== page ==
May 4, 2016

How to Teach “Take Our Kids to Work Day” Lessons Year-Round

Last Thursday, all across the United States, children ages 8-18 participated in the 23rd annual “Take Our Daughters and Sons to Work Day.”  This nationally recognized event, sponsored by the Take Our Daughters and Sons to Work Foundation,  is held each year on the 4th Thursday in April.  The program is unique from other career days because it focuses on topics such as work-life balance, the value of education, and helping the child develop a vision for their own career.

Theme for the 2016 Event


In recognition of the Take Our Daughters and Sons to Work program, we have developed a list of ways for you to engage with your child about these topics year-round!

For Young Children

  1. Ask your child to write down what they think you do at work. When they have finished (and you’ve mostly likely laughed yourself silly), sit down together and talk about what they wrote/what you actually do.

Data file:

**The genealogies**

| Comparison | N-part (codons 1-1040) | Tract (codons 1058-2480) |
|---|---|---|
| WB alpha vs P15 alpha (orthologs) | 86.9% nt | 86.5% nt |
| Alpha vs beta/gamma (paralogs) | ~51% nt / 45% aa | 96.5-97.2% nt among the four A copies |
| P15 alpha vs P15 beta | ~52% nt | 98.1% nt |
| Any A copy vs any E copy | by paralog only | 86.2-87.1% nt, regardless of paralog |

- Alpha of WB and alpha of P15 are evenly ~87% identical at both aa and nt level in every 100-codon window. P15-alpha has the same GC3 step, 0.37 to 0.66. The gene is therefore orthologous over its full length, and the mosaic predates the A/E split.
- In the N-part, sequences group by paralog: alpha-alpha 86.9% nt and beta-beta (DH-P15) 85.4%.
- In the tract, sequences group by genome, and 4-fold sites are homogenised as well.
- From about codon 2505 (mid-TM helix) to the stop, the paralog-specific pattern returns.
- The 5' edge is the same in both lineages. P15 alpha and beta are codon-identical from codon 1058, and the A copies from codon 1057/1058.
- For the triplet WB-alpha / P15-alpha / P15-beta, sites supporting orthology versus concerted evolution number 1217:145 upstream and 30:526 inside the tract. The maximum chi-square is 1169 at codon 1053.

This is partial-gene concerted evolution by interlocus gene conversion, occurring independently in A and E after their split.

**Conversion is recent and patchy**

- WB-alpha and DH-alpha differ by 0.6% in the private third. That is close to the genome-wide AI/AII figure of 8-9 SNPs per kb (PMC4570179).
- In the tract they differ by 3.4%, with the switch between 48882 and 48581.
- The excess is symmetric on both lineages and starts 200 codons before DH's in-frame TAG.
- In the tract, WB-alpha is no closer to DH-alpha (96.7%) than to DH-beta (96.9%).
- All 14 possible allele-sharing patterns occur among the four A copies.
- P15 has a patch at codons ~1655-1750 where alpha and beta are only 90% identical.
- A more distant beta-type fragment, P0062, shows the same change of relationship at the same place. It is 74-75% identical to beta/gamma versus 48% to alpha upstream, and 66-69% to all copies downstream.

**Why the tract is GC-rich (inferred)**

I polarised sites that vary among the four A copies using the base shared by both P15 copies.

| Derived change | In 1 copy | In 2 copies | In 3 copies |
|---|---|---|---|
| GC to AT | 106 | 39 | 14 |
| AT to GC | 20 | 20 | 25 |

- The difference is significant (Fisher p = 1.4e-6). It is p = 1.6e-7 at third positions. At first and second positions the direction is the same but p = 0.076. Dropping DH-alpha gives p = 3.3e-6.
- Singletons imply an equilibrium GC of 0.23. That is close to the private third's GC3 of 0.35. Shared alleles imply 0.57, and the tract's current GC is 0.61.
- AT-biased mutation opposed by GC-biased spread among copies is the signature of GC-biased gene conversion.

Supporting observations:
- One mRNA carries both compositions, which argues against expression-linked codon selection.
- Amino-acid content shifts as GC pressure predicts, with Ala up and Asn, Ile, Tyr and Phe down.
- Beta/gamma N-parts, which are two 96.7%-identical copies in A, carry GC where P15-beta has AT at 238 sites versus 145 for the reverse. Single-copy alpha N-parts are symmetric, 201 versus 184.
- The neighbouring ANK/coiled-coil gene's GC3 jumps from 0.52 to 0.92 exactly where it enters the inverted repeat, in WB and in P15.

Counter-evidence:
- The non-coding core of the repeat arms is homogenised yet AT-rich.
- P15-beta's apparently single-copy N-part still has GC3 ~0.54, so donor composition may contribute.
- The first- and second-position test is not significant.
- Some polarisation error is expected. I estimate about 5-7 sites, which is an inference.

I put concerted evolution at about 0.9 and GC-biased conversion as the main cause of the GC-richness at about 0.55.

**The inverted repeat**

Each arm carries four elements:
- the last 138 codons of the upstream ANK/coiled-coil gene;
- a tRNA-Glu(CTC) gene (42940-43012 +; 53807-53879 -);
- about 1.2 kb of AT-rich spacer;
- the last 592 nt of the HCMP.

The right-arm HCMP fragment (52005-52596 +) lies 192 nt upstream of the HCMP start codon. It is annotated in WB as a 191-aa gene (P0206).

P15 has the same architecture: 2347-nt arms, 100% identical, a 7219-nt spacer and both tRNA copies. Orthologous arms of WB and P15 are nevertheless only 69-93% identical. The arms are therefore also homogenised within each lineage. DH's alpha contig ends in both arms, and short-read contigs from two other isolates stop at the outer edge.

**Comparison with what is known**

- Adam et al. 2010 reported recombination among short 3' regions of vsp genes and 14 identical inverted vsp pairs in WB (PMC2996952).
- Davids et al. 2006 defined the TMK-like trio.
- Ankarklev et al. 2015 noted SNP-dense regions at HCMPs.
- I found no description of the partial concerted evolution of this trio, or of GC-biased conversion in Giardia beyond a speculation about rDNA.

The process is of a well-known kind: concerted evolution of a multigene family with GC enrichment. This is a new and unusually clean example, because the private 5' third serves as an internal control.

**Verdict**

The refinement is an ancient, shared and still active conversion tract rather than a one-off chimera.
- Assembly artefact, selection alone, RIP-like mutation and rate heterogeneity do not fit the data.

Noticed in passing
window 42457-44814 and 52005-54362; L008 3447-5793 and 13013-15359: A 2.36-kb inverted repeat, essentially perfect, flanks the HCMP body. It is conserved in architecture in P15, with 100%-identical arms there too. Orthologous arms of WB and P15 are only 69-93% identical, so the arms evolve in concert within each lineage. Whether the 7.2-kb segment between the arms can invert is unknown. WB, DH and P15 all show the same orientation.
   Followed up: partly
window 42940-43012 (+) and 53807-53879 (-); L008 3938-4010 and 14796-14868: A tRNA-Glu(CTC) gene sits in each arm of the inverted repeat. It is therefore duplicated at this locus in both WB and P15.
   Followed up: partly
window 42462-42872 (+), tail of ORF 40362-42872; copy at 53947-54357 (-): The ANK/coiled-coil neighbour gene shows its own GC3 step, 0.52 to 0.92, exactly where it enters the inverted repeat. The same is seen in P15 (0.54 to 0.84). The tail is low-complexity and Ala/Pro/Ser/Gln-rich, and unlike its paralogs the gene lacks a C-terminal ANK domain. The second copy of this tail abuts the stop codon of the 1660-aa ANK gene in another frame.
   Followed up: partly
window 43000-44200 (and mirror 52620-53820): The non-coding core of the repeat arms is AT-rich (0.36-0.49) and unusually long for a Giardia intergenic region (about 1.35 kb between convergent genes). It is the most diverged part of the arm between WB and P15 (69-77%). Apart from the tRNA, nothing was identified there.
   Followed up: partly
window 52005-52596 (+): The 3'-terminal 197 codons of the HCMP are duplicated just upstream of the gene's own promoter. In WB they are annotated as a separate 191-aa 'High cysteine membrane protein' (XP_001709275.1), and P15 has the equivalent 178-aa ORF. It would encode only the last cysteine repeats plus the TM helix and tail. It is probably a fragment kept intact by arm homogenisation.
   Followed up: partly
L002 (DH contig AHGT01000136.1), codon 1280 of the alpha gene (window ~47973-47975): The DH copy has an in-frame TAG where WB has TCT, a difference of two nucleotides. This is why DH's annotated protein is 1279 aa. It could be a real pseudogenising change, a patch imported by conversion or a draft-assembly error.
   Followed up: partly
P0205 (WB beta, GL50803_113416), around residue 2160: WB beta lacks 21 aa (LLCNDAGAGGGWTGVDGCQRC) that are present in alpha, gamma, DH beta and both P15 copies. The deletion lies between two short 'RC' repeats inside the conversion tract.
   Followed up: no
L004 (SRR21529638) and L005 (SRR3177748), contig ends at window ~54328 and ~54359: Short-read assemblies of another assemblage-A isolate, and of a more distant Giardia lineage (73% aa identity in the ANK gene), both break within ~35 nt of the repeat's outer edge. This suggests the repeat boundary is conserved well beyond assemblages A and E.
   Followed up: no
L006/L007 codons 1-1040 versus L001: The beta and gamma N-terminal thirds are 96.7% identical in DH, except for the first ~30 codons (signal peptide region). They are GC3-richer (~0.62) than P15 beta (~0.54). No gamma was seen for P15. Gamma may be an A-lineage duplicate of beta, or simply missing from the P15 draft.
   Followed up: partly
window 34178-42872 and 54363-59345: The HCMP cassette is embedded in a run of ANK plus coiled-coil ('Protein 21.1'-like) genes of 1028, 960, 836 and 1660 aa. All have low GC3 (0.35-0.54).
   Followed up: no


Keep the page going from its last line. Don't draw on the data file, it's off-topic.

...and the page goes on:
2. Give your child a piece of blank paper, and ask them to draw what their “dream-job” looks like. While they draw, talk with them about what they think they will need to do to achieve the goal (good grades, good behavior, hard work, etc.).
  3. If you work from home, allow your child to “help” you by doing tasks such as stacking papers, organizing desk supplies, or setting up a space nearby for them to do their own “work”.
  4. Do volunteer work with your child, such as picking up trash or helping with a local community service project.

For Tweens/Teens

  1. If you work from home, or bring work home, consider giving your child an age-appropriate task to complete with you. Examples of this would be sorting paperwork, calculating numerical data, or reading research materials and discussing them together.
  2. Talk with your child about their interests and goals, then search for information together online about schools, majors, and careers.
  3. Help your child find a place to volunteer.
  4. Provide your child with the necessary materials to prepare for examinations such as the PSAT or SAT, but have them take the steps to register themselves.

HEARTS for Families believes that communication is KEY to developing healthy relationships and strong families.  We hope that these activities will help foster communication and interaction between you and your children. 

comments powered by Disqus